Insight writer and English teacher Kate Macdonell gives tips on what students going into Year 12 can do over the summer holidays to prepare for the year ahead.
It is tempting to use the coming summer holidays to relax, have fun and recover from the demands of Year 11. Although it is important to recharge, it is also wise to do some preparatory work for Year 12 English during the break. Below is a list of the kinds of preparation you will want to do in order to ready yourself for the rigours of Year 12 English.
It is never too early to begin organising your folders (electronic and physical) for Units 3 and 4 English. Many of you will have a system in place for organising your notes and essays. If not, it is a good idea to have separate folders for your two List 1 texts, your List 2 comparative texts, your argument and persuasive language tasks and your oral presentation. You could also have one for vocabulary and terms relevant to each task or text. Some of you might like to have an exam folder too, comprising the 2017 VCAA examination paper and the Examination Report on that paper (due around February 2018), as well as other examination advice and your practice examination pieces.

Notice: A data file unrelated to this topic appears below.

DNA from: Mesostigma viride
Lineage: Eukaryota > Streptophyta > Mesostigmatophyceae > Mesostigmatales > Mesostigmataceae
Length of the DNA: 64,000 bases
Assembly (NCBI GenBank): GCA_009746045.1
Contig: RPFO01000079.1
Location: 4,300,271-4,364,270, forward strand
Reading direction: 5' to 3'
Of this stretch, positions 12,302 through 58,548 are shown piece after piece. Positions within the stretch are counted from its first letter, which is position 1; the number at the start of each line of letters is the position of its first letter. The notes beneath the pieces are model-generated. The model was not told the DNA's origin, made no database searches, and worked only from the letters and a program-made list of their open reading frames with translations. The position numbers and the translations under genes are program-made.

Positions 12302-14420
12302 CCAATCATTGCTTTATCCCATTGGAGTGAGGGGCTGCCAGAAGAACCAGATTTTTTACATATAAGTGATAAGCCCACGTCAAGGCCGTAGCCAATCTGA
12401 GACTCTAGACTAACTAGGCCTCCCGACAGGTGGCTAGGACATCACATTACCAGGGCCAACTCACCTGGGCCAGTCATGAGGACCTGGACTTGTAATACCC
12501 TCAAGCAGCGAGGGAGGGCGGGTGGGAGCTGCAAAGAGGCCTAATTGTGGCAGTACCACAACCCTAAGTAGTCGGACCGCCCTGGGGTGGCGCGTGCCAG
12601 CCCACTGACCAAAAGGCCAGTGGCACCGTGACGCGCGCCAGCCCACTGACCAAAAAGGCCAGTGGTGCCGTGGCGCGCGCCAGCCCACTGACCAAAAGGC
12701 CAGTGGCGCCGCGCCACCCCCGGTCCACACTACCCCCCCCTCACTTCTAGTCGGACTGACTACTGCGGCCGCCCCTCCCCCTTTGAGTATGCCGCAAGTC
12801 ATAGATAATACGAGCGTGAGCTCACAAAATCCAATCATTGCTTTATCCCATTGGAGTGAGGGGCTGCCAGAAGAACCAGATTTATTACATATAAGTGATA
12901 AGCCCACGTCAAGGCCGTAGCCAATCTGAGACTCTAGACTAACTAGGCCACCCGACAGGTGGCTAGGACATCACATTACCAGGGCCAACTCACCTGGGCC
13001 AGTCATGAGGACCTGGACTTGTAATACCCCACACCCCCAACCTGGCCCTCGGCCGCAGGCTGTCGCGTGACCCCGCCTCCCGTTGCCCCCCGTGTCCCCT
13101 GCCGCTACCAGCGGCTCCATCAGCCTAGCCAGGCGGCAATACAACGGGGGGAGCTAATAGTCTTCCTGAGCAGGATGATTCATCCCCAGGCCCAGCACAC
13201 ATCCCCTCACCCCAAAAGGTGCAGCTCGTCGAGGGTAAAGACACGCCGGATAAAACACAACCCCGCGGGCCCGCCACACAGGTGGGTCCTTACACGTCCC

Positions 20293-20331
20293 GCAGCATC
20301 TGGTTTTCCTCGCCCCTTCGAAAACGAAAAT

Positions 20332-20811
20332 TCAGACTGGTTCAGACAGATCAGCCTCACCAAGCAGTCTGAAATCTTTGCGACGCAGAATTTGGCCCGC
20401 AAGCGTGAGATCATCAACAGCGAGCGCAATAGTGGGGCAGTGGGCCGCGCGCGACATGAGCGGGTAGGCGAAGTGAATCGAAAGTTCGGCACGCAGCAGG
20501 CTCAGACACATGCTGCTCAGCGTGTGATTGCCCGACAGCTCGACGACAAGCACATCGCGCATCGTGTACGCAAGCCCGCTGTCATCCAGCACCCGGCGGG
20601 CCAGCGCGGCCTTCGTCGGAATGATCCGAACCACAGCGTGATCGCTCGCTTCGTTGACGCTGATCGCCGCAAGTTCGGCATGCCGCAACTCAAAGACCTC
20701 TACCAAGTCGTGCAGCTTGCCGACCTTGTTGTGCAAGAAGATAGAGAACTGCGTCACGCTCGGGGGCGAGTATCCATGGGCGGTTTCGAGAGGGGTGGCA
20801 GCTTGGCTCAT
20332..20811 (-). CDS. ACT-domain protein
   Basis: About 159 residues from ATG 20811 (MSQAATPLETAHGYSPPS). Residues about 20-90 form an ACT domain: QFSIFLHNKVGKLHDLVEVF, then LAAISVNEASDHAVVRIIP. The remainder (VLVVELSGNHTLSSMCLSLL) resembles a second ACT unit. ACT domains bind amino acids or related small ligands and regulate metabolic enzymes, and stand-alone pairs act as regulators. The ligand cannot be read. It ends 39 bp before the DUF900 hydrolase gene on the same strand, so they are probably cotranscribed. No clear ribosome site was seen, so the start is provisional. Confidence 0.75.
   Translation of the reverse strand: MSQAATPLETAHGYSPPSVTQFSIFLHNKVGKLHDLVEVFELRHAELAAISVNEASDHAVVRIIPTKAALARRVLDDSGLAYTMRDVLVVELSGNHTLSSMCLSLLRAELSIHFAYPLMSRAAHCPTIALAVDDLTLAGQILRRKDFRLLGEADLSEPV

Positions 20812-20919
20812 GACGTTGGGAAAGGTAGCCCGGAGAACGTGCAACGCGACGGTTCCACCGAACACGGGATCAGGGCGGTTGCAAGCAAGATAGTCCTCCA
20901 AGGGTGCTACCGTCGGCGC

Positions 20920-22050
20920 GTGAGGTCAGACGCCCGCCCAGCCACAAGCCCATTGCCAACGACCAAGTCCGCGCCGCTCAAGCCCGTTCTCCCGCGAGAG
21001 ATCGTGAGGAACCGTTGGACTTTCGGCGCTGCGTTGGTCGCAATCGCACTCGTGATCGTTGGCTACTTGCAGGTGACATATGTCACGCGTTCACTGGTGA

Read your set texts. You will have two texts from List 1 and a comparative pair from List 2. Read or, in the case of a film, watch, them all. A first reading should be for plot and to familiarise yourself with setting, characterisation and the author’s style. If you are a slow reader you should annotate as you go; otherwise, annotate on the second reading. To annotate you will need to highlight:
- the names of the characters
- settings (historical, cultural, geographical)
- short quotations that you think shed light on a character or an issue the text explores.
You should also make notes in your text about:
- key ideas
- what you think are the author’s views
- the genre
- the narrative point of view
- phrases, syntax and unfamiliar vocabulary (this is particularly important for the creative writing component of Unit 3)